The [Dove web]site also has a link where you can donate money to Dove's "self-esteem fund" for young girls.
If the women in these ads lacked self-esteem, they wouldn't be up on a billboard in their skivvies. Hey, good for them. I even have a favorite Dove chick: Stacy (the student). She's the one who poses with her backside to the camera, showing off her ample bottom. I see Stacy every day—she's on the bus stop shelter next to my house. "Check out this fiiiiiiiine bedonkadonk," she seems to say to me, grinning slyly over her shoulder. I think I may have a crush on her. But I've said too much already. . . .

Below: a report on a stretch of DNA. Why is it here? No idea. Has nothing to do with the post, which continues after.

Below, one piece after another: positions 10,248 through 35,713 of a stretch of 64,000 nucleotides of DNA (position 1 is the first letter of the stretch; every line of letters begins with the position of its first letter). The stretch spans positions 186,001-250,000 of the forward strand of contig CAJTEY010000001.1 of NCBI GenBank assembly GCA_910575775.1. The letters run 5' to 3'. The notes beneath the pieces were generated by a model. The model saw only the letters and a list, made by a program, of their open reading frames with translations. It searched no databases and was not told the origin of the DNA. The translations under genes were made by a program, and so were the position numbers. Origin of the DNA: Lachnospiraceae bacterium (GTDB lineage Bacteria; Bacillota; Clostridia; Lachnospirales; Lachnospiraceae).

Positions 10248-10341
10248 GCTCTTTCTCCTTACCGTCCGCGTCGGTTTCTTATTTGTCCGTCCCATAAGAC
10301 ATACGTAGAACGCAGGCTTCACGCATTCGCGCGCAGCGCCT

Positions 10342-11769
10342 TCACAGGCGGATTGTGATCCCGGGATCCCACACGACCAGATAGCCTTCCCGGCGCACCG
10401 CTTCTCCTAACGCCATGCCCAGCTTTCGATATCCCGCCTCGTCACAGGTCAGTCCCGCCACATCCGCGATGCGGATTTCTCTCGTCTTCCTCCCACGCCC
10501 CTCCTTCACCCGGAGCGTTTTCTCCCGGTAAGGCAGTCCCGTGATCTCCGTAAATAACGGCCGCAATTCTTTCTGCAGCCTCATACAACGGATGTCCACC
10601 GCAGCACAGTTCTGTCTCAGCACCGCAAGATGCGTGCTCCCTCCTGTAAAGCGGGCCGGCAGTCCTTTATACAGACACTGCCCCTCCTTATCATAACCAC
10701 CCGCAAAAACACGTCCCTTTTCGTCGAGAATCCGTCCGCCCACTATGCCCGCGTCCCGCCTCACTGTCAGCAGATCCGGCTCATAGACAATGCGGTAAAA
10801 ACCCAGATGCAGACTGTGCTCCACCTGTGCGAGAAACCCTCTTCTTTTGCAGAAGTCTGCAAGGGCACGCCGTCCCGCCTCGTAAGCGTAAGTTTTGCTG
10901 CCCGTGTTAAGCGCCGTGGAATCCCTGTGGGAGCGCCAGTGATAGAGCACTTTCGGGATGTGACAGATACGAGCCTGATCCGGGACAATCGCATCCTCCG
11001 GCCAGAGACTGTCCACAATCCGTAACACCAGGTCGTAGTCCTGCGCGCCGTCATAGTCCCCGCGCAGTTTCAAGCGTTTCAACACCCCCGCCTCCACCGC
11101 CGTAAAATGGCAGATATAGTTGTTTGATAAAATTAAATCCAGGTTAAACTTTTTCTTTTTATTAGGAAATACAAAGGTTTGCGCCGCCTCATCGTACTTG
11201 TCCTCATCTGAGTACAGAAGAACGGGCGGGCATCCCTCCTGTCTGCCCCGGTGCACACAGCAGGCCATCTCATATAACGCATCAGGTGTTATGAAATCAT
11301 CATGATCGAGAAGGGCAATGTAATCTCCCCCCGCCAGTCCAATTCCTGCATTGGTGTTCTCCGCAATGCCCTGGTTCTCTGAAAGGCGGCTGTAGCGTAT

The interesting thing here is the risky bet Dove is making. Beauty-product marketing has almost always been aspirational: I wish I could look like her … perhaps if I buy this lip gloss, I will! But Dove takes a wildly different approach: That chick in the ad sort of looks like me, and yet she seems really happy and confident … perhaps if I buy this Dove Firming Cream, I'll stop hating myself! . . .
But there's a dirty little secret here. Because, in the end, you simply can't sell a beauty product without somehow playing on women's insecurities. If women thought they looked perfect—just the way they are—why would they buy anything?
Out of the park.